Sanjay Singh, formerly of Abercrombie & Fitch and Procter & Gamble, will head up a new data-analysis business unit.
Bigsmart.Com will provide up to $5 million in consumer redress and post a $500,000 performance bond before engaging in any new multi-level marketing activity.
Operators of an Internet-based business opportunity that promised easy income for investors in an Internet shopping mall network have agreed to settle Federal Trade Commission charges that their scheme was an illegal pyramid operation. Under the terms of the settlement, Bigsmart.Com L.L.C. and principals Mark and Harry Tahiliani will provide up to $5 million in consumer redress and post a $500,000 performance bond before engaging in any new multi-level marketing activity.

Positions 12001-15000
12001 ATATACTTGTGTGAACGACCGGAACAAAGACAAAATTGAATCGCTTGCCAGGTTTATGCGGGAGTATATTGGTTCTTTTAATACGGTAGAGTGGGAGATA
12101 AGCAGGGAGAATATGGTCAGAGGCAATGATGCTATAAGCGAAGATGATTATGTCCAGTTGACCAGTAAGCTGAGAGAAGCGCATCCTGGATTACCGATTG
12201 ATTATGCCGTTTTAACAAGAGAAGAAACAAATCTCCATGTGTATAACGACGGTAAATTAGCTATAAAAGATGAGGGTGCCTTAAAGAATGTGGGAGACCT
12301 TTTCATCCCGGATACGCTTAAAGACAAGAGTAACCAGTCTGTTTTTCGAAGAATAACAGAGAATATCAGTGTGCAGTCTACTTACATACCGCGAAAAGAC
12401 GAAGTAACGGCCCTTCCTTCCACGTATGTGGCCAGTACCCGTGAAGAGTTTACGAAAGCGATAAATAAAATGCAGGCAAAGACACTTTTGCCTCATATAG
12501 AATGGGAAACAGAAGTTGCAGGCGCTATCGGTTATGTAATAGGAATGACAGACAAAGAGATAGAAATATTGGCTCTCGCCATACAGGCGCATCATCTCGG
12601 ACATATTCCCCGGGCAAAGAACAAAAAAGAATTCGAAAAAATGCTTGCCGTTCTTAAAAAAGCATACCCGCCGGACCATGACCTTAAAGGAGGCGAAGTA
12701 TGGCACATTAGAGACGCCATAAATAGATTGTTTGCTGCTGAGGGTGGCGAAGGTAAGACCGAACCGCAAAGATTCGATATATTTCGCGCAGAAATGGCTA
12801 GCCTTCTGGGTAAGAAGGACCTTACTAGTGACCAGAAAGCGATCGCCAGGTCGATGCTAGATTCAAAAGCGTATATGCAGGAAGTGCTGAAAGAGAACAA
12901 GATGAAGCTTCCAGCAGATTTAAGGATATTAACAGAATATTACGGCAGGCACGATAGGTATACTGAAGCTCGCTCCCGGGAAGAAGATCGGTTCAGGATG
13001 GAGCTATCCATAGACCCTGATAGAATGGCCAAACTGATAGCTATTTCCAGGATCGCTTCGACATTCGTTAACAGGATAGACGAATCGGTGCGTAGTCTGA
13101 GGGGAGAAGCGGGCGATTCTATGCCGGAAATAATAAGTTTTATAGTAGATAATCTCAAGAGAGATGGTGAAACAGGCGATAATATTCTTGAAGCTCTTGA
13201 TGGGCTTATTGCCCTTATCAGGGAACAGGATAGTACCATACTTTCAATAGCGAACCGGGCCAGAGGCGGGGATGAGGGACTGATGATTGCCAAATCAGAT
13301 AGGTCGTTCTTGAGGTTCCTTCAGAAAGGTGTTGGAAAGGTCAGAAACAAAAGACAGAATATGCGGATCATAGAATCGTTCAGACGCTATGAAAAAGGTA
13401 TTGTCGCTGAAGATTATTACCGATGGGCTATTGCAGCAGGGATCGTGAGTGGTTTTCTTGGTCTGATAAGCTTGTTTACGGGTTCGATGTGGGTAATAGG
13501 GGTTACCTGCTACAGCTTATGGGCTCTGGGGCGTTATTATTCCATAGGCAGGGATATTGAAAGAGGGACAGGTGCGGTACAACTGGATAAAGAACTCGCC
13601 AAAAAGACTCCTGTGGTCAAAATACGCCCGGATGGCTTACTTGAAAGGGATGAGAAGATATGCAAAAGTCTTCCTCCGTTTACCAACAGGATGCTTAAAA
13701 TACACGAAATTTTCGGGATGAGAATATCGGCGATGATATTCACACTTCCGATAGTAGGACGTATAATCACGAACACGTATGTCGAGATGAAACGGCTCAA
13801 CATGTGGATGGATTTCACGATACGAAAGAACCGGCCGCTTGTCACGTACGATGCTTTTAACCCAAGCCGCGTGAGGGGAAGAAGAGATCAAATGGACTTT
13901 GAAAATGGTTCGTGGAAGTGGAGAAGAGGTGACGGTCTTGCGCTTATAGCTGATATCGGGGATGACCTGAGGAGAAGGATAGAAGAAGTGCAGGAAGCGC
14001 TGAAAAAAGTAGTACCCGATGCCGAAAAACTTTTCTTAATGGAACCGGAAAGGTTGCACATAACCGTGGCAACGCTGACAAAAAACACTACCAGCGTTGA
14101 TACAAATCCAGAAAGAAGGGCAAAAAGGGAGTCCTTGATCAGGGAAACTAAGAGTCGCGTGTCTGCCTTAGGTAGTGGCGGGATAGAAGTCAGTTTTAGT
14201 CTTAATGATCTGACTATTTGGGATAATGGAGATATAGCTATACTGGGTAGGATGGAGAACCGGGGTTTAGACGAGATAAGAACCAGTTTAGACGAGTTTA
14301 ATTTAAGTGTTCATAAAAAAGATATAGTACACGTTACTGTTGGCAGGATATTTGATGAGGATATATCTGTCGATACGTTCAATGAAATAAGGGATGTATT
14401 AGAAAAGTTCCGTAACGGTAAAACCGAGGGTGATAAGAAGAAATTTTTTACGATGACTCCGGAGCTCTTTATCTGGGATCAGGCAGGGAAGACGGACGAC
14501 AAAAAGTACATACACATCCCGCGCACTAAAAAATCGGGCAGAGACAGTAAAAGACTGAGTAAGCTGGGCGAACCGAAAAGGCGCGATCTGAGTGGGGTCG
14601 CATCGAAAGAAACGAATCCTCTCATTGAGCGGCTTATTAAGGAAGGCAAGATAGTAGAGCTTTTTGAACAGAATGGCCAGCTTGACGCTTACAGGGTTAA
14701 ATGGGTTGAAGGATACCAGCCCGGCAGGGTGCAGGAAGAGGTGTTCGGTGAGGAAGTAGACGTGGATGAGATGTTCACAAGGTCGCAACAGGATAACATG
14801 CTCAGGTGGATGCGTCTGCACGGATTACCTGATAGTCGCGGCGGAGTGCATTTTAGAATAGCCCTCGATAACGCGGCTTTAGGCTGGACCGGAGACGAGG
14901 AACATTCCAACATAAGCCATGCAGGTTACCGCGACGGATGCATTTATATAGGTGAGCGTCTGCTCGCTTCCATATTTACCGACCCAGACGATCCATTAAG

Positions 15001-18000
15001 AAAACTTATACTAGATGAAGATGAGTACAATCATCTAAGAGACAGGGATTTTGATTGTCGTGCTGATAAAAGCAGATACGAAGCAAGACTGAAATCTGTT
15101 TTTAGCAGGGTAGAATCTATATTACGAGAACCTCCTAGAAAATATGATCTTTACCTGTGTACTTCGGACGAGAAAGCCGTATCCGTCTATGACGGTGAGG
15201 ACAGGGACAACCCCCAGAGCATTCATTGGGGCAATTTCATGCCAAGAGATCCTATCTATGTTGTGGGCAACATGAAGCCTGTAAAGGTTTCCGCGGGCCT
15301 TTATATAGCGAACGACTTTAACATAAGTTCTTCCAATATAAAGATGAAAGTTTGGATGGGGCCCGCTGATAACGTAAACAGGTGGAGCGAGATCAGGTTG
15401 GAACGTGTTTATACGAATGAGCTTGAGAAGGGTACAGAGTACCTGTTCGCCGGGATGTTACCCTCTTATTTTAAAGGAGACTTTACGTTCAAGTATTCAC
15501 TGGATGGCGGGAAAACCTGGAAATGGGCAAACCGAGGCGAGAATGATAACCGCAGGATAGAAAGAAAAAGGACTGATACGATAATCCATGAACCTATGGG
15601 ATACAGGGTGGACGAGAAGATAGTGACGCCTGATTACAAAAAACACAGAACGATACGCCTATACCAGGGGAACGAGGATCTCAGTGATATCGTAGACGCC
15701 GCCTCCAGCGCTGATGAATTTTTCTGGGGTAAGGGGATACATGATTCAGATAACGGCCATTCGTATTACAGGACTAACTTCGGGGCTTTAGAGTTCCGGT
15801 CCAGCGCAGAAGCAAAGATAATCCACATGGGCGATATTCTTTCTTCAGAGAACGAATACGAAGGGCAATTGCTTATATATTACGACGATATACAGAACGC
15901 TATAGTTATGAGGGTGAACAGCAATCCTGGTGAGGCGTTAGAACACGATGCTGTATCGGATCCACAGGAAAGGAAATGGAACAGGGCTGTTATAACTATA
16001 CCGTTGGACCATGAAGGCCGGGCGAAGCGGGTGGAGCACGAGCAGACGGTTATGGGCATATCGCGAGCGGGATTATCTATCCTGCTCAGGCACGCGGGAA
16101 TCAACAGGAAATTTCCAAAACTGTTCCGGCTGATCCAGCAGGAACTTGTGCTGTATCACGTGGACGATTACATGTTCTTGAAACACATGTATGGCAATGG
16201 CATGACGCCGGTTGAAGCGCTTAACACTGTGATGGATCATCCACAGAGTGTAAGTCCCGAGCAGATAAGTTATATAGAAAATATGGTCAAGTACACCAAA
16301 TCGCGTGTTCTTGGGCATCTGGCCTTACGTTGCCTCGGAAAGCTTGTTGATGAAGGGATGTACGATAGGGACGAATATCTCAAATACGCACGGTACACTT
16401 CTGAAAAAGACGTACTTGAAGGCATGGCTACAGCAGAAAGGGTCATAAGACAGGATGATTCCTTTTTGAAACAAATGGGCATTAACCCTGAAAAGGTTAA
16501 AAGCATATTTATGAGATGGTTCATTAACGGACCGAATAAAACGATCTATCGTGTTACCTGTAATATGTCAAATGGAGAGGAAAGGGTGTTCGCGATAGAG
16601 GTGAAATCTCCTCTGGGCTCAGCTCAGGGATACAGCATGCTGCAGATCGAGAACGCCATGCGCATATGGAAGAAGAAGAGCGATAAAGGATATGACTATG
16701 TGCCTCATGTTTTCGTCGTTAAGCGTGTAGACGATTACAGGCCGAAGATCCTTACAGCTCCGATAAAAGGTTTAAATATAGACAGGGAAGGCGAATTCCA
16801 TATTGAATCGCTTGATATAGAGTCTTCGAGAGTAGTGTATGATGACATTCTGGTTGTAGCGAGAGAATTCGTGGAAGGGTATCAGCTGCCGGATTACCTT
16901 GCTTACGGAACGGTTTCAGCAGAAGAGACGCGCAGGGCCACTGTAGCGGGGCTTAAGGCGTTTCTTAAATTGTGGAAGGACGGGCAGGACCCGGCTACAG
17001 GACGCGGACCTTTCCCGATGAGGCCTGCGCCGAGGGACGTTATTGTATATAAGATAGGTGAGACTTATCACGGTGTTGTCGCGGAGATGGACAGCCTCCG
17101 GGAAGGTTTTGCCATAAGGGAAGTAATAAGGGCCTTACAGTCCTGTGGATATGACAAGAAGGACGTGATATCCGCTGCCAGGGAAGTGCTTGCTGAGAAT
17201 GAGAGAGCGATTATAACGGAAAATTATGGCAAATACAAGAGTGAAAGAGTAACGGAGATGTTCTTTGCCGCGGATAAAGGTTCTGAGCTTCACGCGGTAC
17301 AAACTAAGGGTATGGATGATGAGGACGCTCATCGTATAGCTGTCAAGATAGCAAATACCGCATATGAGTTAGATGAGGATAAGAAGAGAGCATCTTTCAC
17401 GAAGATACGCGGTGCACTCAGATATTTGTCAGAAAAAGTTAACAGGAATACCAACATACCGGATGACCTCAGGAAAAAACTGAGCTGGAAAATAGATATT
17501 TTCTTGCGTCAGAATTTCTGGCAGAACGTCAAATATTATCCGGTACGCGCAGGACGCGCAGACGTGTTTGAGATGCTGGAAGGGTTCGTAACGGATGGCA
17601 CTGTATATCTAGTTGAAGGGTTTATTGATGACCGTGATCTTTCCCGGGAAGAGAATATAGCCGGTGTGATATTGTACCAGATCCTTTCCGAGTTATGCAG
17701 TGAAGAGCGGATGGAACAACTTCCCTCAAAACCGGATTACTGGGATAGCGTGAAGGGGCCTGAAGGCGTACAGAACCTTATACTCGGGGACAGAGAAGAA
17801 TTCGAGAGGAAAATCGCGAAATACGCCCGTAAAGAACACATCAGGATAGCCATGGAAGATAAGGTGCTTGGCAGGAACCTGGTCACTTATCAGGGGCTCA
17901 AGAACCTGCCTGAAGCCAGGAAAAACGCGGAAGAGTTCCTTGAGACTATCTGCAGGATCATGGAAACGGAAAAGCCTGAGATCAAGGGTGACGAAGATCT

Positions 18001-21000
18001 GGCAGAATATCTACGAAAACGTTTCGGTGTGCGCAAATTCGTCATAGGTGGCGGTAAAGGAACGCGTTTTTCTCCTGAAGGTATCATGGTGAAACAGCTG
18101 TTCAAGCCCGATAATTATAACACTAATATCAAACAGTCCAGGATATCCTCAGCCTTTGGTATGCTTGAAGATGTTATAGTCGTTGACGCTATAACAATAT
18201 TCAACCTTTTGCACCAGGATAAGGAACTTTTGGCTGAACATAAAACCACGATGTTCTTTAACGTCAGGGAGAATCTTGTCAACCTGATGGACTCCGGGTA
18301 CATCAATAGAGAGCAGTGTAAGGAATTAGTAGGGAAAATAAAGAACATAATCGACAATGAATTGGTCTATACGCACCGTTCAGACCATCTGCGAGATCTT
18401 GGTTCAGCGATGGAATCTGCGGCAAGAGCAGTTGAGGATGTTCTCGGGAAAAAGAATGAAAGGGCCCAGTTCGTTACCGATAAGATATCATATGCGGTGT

The FTC says Mesa, Ariz.-based Bigsmart marketed Internet theme malls that it claimed would enable investors to earn substantial income from commissions on products purchased through the Internet. The malls were a collection of links to retail sites maintained by independent third-party merchants, such as MarthaStewart.com, and to a Superstore maintained by Bigsmart. Traffic was directed to the malls through the personalized Bigsmart welcome pages that members bought access to for a $10 application fee and a $99.95 hosting fee. Although Bigsmart claimed that members would make substantial amounts of money, the scheme was structured in such way that to realize continued financial gains, would depend on "the continued, successive recruitment of other participants," not on retail sales of products and services to the public, the FTC says. The FTC charged that the claims that consumers who invested in Bigsmart would make substantial income were false; that promotional materials that made the false and misleading claims provided the means for others to deceive consumers; and that Bigsmart was actually a pyramid scheme. All three were violations of the FTC Act.